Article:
John Grochowski

John Grochowski

A shuffle through the Gaming mailbag:

Q. Two friends and I leave our husbands alone for a while once every couple of weeks and go play slots together. This last time got to talking about how long some of those games have been there and how short the stays have been for others.

Something like Double Diamond or the three-reel Wheel of Fortune, we’ve been playing those for a good 20 years. We play video slots too, like everybody else, and those seem more fly by night. We played Fortune Cookie pretty much for a year or two, but I don’t remember the last time I saw it. Even something like Monopoly, where there have been a lot of versions, comes and goes.

Why is that? Why can I play the same reel slots I did 20 years ago when popular video slots are gone within a couple of years and less popular ones are gone even faster?

A. Part of it is in the nature of the games. There are reel slots with bonus events, but the older, long-lasting games put almost all their emphasis on wins, losses and the chance at a big jackpot.

Video slots put more of a premium on entertainment value. Wins and losses are important, but so are bonus events that keep you involved in the game. Graphics and special effects are important, too.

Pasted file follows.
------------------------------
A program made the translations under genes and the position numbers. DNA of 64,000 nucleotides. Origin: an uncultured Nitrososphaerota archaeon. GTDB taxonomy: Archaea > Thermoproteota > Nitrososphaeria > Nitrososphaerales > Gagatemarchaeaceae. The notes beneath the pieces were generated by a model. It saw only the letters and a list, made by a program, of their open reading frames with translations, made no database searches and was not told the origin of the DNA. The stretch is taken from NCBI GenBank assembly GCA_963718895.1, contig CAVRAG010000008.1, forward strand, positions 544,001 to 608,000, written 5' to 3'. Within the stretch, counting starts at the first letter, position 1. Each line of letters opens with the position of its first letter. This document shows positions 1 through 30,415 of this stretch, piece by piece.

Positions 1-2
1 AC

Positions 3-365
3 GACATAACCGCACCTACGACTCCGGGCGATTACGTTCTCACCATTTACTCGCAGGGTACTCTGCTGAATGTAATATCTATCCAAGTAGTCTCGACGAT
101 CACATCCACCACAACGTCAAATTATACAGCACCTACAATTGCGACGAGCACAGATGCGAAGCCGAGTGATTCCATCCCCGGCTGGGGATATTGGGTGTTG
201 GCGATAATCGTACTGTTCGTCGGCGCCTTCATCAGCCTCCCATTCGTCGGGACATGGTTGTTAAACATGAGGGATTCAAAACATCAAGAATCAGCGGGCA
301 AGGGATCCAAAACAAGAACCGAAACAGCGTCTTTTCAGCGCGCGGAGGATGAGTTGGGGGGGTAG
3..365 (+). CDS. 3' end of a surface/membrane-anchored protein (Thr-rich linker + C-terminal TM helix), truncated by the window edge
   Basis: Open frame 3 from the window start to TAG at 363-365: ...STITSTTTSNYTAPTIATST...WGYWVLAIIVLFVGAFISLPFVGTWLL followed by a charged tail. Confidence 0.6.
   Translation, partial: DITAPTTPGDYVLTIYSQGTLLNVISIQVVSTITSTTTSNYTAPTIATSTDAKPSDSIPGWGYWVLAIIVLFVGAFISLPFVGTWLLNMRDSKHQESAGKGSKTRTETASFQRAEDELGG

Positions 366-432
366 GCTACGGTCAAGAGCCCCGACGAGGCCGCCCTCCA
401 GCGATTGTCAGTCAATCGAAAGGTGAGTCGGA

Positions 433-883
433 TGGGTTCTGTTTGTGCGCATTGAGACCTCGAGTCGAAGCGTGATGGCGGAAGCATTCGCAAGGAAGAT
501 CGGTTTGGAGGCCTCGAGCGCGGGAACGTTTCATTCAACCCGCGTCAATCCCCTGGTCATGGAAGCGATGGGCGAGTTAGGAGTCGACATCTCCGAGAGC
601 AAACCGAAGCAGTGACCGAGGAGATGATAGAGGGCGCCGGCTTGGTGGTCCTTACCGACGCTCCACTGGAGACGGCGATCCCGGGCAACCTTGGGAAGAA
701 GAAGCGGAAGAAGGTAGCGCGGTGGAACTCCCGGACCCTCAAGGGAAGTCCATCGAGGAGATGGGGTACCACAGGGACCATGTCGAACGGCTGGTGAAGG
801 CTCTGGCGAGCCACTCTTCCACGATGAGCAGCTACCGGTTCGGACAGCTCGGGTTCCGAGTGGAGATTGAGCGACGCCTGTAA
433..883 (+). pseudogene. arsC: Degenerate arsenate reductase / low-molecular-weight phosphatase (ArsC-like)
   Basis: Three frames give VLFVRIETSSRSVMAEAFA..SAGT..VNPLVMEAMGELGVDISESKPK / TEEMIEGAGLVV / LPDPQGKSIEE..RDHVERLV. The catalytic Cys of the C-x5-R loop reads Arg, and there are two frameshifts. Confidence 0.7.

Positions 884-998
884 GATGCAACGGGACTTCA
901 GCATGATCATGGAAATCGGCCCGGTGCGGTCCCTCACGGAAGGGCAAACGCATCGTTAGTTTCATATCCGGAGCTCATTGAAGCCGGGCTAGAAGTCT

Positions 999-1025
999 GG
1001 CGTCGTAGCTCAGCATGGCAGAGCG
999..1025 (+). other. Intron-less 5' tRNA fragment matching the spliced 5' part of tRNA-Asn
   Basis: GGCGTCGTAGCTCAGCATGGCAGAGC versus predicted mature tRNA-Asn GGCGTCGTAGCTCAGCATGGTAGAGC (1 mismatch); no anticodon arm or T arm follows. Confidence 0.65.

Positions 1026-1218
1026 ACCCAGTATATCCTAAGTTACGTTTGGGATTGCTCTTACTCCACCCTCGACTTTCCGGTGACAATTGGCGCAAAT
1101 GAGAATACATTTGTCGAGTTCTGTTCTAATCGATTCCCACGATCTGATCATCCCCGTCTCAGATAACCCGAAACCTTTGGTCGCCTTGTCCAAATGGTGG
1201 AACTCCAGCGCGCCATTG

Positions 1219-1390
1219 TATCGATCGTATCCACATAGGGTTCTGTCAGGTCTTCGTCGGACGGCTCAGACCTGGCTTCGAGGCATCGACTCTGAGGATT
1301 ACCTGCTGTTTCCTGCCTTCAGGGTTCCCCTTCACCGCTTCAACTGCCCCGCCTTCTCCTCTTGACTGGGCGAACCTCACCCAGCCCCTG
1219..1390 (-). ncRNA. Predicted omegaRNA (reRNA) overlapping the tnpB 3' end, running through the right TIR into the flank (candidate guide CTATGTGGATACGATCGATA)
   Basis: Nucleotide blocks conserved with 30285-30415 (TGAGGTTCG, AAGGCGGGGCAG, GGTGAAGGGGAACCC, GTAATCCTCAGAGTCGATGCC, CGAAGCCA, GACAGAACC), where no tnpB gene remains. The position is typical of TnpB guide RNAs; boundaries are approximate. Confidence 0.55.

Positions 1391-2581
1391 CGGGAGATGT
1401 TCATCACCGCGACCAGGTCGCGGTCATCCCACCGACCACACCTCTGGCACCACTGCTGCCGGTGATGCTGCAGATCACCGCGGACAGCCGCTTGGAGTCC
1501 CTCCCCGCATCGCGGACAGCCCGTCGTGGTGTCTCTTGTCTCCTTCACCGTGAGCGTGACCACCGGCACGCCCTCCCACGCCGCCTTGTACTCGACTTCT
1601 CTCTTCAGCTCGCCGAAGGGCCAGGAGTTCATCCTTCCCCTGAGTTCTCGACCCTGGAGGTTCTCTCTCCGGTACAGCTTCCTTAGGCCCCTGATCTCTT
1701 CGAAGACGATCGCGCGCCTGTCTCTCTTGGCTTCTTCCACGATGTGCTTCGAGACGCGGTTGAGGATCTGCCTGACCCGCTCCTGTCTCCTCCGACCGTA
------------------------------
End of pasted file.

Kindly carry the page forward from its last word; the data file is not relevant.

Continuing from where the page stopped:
That leads to a continual game of “can you top this?” among slot manufacturers. Hundreds of new games are brought to market every year, each with new bonuses and entertainment features vying to lure players away from established games.

Once a player has seen the features on one game, it’s only natural that they’d cross the aisle to take a look at a shiny new game to see if it might be more fun than a rerun of an old favorite.

Video slots are the most played games in modern casinos, while three-reel games hold onto a smaller niche. Most of the research and development dollars budgeted by game makers go toward developing video slots.

There are many more new video slots than new reel slots. Combined with player curiosity about features on the new video games, there’s a strong tendency toward faster turnover on video than on reels.

Q. In baccarat and roulette, casinos mostly don’t care if you track past results or even write them down. Some even offer scorecards, especially at big baccarat tables.

But if you tried to write down the results at blackjack, they’d go bananas, maybe even throw you out. Shouldn’t there be some kind of equal treatment among players at different games?

A. You probably already know the answer to the question you’re asking.

Tracking blackjack results is not an equivalent situation to tracking roulette or baccarat. Knowing past outcomes at roulette does not give you any indication of future results.

Baccarat isn’t as purely random as roulette, but the late Peter Griffin calculated that getting an edge via counting cards would entail sitting out all but three hands per eight hours.

No one’s going to give you table space for eight hours while you play only three hands. For any practical purpose, tracking cards at baccarat is no big help.

Blackjack is different. Odds constantly change as cards are dealt and removed from play until the next shuffle. Card counters can and do get a mathematical edge.

Casinos can’t stop players from keeping a mental count of cards, but allowing players to write down the cards on each hand and have an accurate record to base their play is asking too much.